On his birth anniversary, here are 5 Ritwik Ghatak films you must see
Think Bengali cinema and Satyajit Ray's name will invariably come to mind. However, there's another name that's also left behind an incredibly rich cinematic legacy - Ritwik Ghatak. While Ray went on to receive critical acclaim in India and, later, abroad, Ghatak's repertoire captured the imagination of audiences with a steady pace over time.
In fact, loyalists argue that Ghatak's body of work offers a lot more bite than even Ray, considering Ghatak directed just eight-odd full-length feature films. As far as international reception goes, Ray once famously said of Ghatak: "For him, Hollywood might not have existed at all."
Born in 1925 in Dhaka, Ghatak came over to 'this side' of Bengal around early 1947, and he was also an active member of the Indian People's Theatre Association (IPTA). Besides filmmaking, Ghatak was also a mentor to some of Indian cinema's biggest names. At FTII his student list included the likes of Mani Kaul, John Abraham, Saeed Mirza and Adoor Gopalakrishnan. Ghatak received the Padma Shri for the Arts in 1970.
On the eve of his 91st birthday, here's five of his feature films that you should definitely put on your viewing list:
This 1958 film was among the earliest in India that showcased an inanimate object - a car, as a major character. The main story revolves around Bimal and his equation with his old, 1920 Chevrolet jalopy called Jagaddal. For fifteen years Bimal resists peer pressure to upgrade to a new machine, because he doesn't see Jagaddal as a machine to begin with.
2) Meghe Dhaka Tara
One of Ghatak's earliest 'partition films,' Meghe Dhaka Tara (1960) is also one of his more popular films. In 2002, Meghe Dhaka Tara was ranked #231 on the Sight & Sound critics' and directors' poll for all-time greatest films.
This visually evocative film is set in a refugee camp on the outskirts of Calcutta, and gives a poignant glimpse into the life of a typical middle class Hindu bhadralok family, against the backdrop of Partition. In the life of lead character Nita (Supriya Choudhury), one notices the narrative of the fractured middle class family.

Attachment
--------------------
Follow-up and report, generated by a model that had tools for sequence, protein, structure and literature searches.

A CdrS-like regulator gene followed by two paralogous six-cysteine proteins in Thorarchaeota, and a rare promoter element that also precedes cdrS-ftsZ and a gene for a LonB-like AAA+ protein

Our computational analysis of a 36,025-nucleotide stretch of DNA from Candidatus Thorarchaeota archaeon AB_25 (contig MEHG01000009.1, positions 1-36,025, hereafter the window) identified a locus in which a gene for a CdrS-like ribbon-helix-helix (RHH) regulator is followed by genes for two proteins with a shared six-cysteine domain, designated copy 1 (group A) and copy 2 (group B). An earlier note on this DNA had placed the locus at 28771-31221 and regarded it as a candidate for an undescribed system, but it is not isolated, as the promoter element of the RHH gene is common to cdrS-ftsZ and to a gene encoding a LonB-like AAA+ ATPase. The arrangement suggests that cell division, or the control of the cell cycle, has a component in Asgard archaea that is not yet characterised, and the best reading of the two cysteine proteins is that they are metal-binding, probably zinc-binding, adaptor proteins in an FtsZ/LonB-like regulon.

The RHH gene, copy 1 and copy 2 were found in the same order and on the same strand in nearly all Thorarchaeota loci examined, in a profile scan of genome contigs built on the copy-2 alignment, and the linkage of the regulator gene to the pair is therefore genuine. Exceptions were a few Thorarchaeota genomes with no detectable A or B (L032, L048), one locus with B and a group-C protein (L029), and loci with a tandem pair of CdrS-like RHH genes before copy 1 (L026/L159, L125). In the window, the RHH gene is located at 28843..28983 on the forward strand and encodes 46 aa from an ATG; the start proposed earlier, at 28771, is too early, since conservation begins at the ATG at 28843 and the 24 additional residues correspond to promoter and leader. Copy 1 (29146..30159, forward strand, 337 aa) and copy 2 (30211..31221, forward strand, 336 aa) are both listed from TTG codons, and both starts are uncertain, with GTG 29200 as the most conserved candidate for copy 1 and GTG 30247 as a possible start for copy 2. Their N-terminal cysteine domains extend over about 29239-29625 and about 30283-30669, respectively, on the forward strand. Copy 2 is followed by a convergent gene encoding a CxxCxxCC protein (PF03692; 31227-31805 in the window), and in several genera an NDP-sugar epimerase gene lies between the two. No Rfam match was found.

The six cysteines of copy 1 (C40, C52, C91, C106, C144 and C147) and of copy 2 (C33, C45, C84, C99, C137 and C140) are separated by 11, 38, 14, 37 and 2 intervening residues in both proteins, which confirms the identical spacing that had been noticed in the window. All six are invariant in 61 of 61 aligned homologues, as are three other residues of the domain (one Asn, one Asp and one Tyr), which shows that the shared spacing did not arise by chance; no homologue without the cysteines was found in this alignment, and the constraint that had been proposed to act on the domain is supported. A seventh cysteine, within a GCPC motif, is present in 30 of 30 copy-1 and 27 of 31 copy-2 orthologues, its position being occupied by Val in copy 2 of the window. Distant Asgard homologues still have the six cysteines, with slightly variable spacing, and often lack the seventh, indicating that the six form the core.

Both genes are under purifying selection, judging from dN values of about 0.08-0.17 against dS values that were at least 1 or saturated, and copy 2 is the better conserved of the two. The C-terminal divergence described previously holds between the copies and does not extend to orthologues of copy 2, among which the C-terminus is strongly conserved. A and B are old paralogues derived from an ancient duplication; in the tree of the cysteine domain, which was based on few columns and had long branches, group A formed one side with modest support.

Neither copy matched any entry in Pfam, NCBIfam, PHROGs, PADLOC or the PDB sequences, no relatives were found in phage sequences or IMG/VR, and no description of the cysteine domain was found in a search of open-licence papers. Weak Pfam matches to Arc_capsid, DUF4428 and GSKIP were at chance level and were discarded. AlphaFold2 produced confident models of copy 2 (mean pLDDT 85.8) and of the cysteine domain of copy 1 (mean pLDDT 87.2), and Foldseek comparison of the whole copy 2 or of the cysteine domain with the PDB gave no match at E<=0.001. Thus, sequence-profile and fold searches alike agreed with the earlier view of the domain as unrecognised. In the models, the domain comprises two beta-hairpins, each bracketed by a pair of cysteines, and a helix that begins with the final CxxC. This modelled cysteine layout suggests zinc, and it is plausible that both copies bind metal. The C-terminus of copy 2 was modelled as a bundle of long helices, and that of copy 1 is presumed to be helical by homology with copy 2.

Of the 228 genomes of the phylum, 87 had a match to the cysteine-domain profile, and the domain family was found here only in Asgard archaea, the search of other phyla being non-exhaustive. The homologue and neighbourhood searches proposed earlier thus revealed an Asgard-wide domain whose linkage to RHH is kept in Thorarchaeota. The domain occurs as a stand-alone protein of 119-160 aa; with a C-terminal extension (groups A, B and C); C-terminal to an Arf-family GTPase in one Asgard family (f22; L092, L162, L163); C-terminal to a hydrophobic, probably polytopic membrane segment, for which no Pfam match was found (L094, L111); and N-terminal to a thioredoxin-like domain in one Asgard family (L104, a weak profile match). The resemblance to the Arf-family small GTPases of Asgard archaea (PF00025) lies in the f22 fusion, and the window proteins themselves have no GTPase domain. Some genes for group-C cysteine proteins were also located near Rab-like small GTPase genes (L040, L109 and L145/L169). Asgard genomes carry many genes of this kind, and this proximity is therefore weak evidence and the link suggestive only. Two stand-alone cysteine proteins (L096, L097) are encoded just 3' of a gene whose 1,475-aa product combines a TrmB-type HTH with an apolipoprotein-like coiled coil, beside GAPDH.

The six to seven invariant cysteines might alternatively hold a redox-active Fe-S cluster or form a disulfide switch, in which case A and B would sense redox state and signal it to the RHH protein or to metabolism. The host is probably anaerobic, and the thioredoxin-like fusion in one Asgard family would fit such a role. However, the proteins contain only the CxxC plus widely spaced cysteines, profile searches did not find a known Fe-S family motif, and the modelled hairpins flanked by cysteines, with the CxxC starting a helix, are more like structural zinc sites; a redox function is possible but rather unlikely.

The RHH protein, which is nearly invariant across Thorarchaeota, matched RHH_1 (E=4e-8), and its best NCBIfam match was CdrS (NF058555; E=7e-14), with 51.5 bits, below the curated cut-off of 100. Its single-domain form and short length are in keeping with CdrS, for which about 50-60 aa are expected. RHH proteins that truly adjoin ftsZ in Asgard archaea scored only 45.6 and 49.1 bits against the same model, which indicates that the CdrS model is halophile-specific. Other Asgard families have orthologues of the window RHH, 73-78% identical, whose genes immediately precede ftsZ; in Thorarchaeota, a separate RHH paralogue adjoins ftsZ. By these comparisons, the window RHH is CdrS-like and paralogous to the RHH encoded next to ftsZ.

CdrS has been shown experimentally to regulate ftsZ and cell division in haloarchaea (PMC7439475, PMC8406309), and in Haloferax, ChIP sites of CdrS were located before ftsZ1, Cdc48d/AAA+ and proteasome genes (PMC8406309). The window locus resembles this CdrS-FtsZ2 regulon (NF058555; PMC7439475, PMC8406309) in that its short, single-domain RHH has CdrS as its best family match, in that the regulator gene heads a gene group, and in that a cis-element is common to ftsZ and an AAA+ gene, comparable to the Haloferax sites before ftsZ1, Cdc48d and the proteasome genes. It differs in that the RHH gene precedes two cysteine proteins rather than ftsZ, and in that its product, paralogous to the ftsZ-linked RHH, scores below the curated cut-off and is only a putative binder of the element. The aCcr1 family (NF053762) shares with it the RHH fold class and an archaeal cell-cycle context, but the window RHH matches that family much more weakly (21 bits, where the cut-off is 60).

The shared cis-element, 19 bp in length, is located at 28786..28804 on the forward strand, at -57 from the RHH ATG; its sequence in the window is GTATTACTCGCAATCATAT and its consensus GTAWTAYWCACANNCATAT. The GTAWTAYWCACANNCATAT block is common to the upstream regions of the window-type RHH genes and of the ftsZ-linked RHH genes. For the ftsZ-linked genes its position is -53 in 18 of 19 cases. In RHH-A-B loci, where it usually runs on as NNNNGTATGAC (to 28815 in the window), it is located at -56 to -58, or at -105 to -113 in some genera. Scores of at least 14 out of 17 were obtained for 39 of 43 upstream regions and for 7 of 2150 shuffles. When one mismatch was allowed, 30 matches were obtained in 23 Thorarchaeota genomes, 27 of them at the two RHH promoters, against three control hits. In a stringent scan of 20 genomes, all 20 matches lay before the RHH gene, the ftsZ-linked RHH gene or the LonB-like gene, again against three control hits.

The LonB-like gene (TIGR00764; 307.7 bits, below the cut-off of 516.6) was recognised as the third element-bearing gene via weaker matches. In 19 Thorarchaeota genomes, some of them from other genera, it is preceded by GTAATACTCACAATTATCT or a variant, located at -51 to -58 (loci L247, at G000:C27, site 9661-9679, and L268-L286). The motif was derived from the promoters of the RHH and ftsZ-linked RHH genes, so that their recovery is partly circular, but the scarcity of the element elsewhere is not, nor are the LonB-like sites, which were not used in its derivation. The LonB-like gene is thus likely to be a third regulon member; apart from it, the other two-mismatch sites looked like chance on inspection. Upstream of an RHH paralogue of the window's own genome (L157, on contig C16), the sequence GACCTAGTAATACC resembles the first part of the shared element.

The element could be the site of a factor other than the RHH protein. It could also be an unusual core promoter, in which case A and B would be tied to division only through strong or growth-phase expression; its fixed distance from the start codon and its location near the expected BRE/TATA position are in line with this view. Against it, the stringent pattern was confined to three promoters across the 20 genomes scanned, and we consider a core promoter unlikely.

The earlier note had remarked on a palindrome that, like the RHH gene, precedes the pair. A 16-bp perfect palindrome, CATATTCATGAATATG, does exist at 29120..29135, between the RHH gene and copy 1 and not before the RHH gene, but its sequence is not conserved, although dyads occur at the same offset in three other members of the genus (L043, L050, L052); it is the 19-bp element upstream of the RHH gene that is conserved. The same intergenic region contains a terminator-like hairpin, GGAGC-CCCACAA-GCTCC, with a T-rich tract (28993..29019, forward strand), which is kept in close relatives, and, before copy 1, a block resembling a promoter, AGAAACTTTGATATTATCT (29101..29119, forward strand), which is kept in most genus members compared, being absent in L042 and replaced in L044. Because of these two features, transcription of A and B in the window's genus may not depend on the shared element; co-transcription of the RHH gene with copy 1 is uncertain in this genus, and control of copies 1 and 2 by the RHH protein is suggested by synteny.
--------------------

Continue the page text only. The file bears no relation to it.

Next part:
3) Komal Gandhar
The second in Ghatak's trilogy, Komal Gandhar (1961) also deals with the aftermath of the Partition of India in 1947 and how refugees dealt with it. The title of the film was taken from a Tagore poem and this is said to be one of Ghatak's personal favourites.
It had hints of an autobiography in the way the story looked at IPTA practitioners - the plot revolved around the rivalry of two theatre groups. One is led by Bhrigu (Abanish Bannerjee), the other by Shanta (Geeta De).
4) Titash Ekti Nadir Naam
This was a 1973 adaptation by Ghatak of a Bengali autobiographical novel by the same name by Adwaita Mallabarman. The main narrative follows the lives of the Malo fishermen who work the waters of the Titash river to eke out their livelihoods. Like in Ajantrik, here too the river is a character by itself, influencing and impacting the lives of the other main protagonists - Basanti, a young girl; Kishore, a fisherman; and, Rajar Khi, Kishore's bride.
5) Jukti Takko Aar Gappo
In this last feature film made in 1977, Ghatak almost paints his own life story and manages to connect that as a metaphor to the state Bengal found itself in at that point. Ghatak essays the central role of Nilkantha Bagchi, a disillusioned alcoholic (a problem Ghatak faced later in life) who finds life weighing him down as his wife and son leave him, and he becomes a vagabond.
He meets an assortment of people on his journey to nowhere in particular and the story traces most of the themes close to Ghatak throughout - exile and a sense of dislocation.